Tuesday, February 13, 2007

National Union urges opposition to Anti-Terrorism Act

Sunset provisions of Anti-Terrorism Act to be voted on in House of Commons


Ottawa (12 February 2007) – Members of Parliament will be voting this week on renewing two provisions of the Anti-Terrorism Act enabling "preventive arrests" and "investigative hearings."

“The National Union opposed this legislation 5 years ago as an unnecessary erosion of the civil liberties of Canadians,” says James Clancy, national president of the 340,000 member National Union of Public and General Employees.

“These two provisions in particular represent a serious attack on our democratic rights and we are urging MPs to vote against renewing these provisions.”

The legislation was introduced in Parliament by the former Liberal government of Jean Chretien weeks after the 9/11 terrorist attacks in the United States.

While a wide range of organizations felt that existing legislation covered most of the powers introduced by the Anti-Terrorism Act, it was the provisions dealing with "preventive arrests" and "investigative hearings” that received the most attention.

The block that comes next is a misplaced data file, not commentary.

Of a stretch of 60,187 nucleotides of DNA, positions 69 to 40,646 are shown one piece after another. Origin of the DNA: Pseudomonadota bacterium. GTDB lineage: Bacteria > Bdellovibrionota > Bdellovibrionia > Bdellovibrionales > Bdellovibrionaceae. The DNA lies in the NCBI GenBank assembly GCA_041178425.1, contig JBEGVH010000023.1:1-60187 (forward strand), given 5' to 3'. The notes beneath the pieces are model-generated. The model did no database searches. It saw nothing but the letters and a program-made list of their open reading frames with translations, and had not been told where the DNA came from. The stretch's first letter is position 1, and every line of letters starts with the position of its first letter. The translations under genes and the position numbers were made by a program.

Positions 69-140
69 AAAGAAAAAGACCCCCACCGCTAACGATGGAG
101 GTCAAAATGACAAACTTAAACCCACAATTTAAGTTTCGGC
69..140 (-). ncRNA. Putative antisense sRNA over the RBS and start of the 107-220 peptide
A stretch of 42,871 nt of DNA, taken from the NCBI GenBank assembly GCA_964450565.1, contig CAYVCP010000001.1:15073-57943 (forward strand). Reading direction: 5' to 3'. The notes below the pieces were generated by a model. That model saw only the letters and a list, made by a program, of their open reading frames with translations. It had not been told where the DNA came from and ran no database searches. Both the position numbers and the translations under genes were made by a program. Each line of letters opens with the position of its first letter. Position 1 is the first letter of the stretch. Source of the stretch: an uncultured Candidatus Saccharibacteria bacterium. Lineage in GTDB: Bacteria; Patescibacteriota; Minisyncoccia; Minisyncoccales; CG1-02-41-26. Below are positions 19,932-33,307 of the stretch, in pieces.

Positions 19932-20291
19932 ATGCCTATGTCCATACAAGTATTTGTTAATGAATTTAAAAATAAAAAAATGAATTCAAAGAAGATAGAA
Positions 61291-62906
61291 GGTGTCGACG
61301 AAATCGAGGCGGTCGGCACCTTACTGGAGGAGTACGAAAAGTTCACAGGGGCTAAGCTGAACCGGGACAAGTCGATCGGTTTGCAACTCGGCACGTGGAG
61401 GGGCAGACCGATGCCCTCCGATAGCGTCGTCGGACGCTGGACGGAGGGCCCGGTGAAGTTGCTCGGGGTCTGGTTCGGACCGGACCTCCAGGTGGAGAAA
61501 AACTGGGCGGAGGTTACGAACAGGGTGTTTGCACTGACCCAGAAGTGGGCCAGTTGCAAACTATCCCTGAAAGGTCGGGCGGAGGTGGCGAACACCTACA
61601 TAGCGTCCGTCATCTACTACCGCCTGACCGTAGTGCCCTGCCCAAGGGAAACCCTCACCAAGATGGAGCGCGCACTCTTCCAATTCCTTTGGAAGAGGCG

The two provisions allow for arrest without charge and compelled testimony - both of which represent a significant break from Canada's established legal values. Opposition to these provisions came from unions, civil liberties organizations and the Canadian Bar Association.

In what most saw as a partial victory, the government placed a "sunset" clause on the two provisions meaning that they would expire after three years, unless Parliament passes a motion to extend them. The Harper Conservative government tabled a motion last week to extend the provisions for three years.

A vote is expected as early as Tuesday, February 13, 2007. NUPGE